Opinion 17-13

January 26, 2017


Digest:         Where a judge’s recusal for one attorney is specific to his/her personal assessment of that attorney’s character, the judge is not disqualified from presiding in matters where that attorney’s law partner appears as a part-time government attorney, provided that the judge can be fair and impartial.


Rules:          Judiciary Law § 14; 22 NYCRR 100.2; 100.2(A); 100.3(B); 100.3(E)(1); 100.3(E)(1)(a); Opinions 16-146; 15-45; 14-90; 12-85(B); People v Moreno, 70 NY2d 403 (1987).



The inquiring judge is exercising disqualification in all matters involving a particular attorney, “Attorney A,” for reasons specific to the judge’s observations and assessment of Attorney A’s character. Attorney A maintains a private law practice with “Attorney B,” who is also a part-time government attorney. The judge asks if he/she must disqualify him/herself in matters where Attorney B appears as a government attorney. The judge emphasizes that his/her concerns about Attorney A’s character do not in any way implicate Attorney B. The judge does not have similar concerns about Attorney B’s character.


A judge must always avoid even the appearance of impropriety (see 22 NYCRR 100.2) and must always act in a manner that promotes public confidence in the judiciary’s integrity and impartiality (see 22 NYCRR 100.2[A]). In particular, a judge must not allow social or other relationships to influence the judge’s judicial conduct or judgment (see 22 NYCRR 100.2[B]) and must disqualify him/herself in a proceeding where his/her impartiality might reasonably be questioned (see 22 NYCRR 100.3[E][1]), including where the judge has a personal bias or prejudice concerning a party (see 22 NYCRR 100.3[E][1][a]), or in other specific circumstances required by rule or law (Judiciary Law § 14). Conversely, where disqualification is not mandatory, the judge is the sole arbiter of recusal (see People v Moreno, 70 NY2d 403 [1987]).

            A judge’s disqualification based on a positive or negative social relationship with one attorney does not necessarily extend to the colleagues of that attorney (see Opinions 15-45; 14-90; 12-85[B]). Thus, the Committee has advised that a judge may continue to preside when the colleague of an attorney with whom he/she has a social relationship appears, provided the judge believes that he/she can be fair and impartial (see id.). Moreover, although this judge’s concerns about Attorney A apparently have not warranted a report to the grievance committee, this Committee notes that a judge who does file a disciplinary complaint against one attorney need not necessarily disqualify him/herself in matters involving other attorneys in the same office, “provided the judge is satisfied they were not involved in the purported misconduct and assuming he/she can be fair and impartial” (Opinion 16-146).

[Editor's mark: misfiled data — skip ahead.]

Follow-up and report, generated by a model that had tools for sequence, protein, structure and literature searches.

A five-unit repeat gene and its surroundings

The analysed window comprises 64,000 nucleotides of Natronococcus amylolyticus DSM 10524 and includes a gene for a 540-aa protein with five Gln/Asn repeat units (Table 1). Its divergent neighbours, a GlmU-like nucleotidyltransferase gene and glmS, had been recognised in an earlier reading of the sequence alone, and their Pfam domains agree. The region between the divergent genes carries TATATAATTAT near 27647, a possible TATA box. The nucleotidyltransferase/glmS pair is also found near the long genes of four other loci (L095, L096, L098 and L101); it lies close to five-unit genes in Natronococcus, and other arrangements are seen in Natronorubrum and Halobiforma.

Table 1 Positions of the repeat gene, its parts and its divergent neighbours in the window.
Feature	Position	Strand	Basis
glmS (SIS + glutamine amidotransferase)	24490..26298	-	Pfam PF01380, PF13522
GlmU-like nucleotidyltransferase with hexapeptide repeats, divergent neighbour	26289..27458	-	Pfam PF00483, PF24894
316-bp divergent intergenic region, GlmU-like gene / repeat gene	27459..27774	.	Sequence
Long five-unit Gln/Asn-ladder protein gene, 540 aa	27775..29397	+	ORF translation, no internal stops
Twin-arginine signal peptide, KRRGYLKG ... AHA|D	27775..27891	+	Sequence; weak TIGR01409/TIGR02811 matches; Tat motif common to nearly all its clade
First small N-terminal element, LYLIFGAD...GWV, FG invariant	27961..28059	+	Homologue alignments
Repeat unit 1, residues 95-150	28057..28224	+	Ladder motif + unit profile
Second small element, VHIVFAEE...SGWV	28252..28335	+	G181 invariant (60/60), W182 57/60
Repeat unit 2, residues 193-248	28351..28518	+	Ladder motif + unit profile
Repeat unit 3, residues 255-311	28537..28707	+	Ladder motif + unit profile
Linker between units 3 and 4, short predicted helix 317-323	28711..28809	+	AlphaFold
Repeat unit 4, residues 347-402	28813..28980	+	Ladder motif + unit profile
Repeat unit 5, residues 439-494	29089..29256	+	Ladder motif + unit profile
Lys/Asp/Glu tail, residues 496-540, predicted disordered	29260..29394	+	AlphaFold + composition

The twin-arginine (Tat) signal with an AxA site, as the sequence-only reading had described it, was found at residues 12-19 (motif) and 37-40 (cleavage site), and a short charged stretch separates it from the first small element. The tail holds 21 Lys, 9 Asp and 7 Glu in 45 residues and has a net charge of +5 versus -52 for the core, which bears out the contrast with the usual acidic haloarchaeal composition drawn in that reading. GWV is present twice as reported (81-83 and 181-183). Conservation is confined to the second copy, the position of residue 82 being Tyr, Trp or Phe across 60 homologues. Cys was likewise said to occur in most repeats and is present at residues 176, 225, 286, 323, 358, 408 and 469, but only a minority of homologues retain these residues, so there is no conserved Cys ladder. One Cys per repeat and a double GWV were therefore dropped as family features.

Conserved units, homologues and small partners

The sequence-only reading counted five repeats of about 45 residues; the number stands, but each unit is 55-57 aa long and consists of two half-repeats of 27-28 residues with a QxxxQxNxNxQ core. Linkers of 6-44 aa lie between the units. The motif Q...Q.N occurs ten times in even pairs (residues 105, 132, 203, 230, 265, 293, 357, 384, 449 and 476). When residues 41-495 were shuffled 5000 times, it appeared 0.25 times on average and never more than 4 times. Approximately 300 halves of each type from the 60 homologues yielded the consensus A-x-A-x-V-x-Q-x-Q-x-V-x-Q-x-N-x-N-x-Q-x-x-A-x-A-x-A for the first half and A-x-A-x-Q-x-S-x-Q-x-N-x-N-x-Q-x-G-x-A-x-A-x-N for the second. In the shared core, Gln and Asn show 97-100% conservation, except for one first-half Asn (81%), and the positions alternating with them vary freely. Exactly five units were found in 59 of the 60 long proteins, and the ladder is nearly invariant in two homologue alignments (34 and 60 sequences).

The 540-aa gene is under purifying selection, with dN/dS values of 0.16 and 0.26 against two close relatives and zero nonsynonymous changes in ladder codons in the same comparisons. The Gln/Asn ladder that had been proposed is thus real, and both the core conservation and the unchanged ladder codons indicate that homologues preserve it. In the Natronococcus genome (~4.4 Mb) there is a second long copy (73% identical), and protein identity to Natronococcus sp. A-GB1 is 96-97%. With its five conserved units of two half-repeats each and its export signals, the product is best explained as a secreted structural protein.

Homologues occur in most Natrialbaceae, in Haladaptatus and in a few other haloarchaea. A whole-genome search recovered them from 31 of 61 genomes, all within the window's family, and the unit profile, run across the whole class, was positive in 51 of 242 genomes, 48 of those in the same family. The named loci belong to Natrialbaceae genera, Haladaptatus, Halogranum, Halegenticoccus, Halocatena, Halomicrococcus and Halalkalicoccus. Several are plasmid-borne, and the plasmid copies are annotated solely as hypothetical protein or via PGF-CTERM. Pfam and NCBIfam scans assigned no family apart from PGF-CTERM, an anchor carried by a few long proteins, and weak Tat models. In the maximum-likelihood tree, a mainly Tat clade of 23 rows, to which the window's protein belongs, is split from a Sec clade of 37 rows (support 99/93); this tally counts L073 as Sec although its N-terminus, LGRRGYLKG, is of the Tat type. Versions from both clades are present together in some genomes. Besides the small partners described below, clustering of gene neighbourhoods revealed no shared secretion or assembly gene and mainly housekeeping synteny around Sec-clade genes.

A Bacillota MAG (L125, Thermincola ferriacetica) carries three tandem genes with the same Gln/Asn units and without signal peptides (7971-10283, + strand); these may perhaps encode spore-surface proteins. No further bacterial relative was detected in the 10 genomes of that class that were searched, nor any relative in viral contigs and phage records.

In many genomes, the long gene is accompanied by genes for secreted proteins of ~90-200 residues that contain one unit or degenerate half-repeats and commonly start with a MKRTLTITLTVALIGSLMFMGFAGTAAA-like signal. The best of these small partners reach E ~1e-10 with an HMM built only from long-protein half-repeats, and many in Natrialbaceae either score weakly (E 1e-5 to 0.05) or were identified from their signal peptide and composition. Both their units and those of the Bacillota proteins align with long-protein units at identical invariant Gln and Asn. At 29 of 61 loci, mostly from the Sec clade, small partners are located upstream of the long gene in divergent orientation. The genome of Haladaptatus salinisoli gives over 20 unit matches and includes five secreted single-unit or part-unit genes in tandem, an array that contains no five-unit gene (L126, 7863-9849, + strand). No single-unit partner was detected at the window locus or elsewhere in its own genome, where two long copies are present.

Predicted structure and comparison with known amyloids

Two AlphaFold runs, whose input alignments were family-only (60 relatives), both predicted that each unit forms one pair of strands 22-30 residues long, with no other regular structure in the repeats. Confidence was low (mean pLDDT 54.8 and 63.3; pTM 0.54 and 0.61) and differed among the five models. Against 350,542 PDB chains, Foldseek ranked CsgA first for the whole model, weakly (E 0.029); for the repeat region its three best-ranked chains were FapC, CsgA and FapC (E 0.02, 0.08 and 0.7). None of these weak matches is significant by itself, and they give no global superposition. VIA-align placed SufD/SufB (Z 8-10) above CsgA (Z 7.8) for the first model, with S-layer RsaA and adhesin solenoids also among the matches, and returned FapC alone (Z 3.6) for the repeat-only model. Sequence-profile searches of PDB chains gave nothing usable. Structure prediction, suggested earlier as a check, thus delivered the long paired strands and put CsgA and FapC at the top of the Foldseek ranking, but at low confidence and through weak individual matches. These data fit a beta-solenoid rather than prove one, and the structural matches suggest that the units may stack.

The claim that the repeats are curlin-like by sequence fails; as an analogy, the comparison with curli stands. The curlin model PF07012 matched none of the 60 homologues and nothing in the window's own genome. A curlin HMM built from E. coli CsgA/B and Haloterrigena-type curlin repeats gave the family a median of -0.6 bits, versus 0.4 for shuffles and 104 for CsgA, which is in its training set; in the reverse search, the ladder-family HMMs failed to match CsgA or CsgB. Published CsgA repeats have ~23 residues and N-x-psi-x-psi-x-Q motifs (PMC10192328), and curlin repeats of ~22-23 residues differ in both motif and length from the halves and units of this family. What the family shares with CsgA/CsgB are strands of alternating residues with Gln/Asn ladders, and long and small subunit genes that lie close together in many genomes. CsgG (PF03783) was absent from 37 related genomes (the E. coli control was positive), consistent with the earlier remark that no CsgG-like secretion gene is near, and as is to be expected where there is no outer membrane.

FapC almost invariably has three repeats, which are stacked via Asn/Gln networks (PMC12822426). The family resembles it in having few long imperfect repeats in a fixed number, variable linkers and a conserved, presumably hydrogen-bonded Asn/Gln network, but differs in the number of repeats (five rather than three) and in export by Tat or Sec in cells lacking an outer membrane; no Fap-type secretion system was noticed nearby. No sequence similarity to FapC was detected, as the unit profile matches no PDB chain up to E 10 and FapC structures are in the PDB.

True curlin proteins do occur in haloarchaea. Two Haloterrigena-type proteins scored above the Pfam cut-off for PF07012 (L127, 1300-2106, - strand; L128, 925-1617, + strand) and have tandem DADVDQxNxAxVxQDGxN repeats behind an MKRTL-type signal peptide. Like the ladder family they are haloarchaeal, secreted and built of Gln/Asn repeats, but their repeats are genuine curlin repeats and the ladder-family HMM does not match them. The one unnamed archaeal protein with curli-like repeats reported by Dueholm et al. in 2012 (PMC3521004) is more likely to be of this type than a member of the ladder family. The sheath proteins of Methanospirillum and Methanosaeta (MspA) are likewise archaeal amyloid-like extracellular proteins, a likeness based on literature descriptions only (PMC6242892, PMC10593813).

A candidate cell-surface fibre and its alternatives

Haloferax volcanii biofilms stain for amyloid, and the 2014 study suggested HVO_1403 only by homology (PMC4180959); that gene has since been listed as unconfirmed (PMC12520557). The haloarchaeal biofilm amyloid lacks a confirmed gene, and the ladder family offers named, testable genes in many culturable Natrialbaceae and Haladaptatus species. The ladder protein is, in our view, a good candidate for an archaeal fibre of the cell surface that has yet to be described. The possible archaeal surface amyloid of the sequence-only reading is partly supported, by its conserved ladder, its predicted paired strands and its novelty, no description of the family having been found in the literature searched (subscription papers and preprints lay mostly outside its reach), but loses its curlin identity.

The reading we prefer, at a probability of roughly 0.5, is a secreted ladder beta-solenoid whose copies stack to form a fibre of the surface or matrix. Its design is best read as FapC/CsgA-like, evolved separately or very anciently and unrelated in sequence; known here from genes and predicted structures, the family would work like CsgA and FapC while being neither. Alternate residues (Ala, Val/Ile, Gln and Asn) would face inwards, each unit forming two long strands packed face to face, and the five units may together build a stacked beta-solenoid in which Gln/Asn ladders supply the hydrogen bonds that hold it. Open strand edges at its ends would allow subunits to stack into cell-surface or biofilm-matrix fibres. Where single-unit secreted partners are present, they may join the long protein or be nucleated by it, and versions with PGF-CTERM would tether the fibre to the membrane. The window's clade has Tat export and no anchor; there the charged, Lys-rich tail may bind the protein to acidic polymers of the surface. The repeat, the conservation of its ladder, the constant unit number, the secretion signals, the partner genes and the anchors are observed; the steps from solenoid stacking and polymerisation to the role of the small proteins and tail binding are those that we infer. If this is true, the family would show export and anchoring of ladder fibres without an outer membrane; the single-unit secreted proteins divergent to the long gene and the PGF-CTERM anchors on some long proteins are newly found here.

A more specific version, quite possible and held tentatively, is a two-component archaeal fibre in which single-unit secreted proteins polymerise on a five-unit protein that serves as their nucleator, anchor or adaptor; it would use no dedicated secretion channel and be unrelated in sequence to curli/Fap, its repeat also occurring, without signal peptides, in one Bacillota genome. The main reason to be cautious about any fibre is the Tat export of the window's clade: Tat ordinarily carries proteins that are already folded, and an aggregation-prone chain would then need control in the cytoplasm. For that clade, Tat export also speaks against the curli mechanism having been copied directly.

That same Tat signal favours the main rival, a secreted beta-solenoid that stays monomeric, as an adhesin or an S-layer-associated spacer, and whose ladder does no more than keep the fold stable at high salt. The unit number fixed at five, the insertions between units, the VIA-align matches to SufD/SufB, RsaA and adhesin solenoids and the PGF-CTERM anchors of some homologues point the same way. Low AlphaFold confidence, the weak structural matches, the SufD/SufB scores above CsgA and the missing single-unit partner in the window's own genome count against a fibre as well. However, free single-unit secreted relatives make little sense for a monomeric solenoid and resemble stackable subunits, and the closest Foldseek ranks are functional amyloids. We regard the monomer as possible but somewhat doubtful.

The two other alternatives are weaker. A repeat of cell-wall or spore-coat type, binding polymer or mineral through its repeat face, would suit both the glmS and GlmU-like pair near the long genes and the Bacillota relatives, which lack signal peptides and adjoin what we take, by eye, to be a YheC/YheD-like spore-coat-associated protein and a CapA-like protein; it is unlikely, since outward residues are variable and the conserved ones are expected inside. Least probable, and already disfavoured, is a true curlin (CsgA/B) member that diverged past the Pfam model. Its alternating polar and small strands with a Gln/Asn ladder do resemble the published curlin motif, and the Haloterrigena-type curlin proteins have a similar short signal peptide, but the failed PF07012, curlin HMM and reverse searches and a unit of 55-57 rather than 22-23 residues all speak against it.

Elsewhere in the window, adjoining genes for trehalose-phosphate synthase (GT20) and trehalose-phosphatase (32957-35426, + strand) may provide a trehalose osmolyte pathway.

This judge advises that his/her view of Attorney A’s reputation or character does not in any way implicate Attorney B. Accordingly, the judge’s impartiality cannot reasonably be questioned when Attorney B appears as a government attorney in matters completely unrelated to Attorney A and their practice. Thus, if the judge believes that he/she can be fair and impartial, the inquiring judge may preside in matters involving Attorney B’s part-time practice as a government attorney.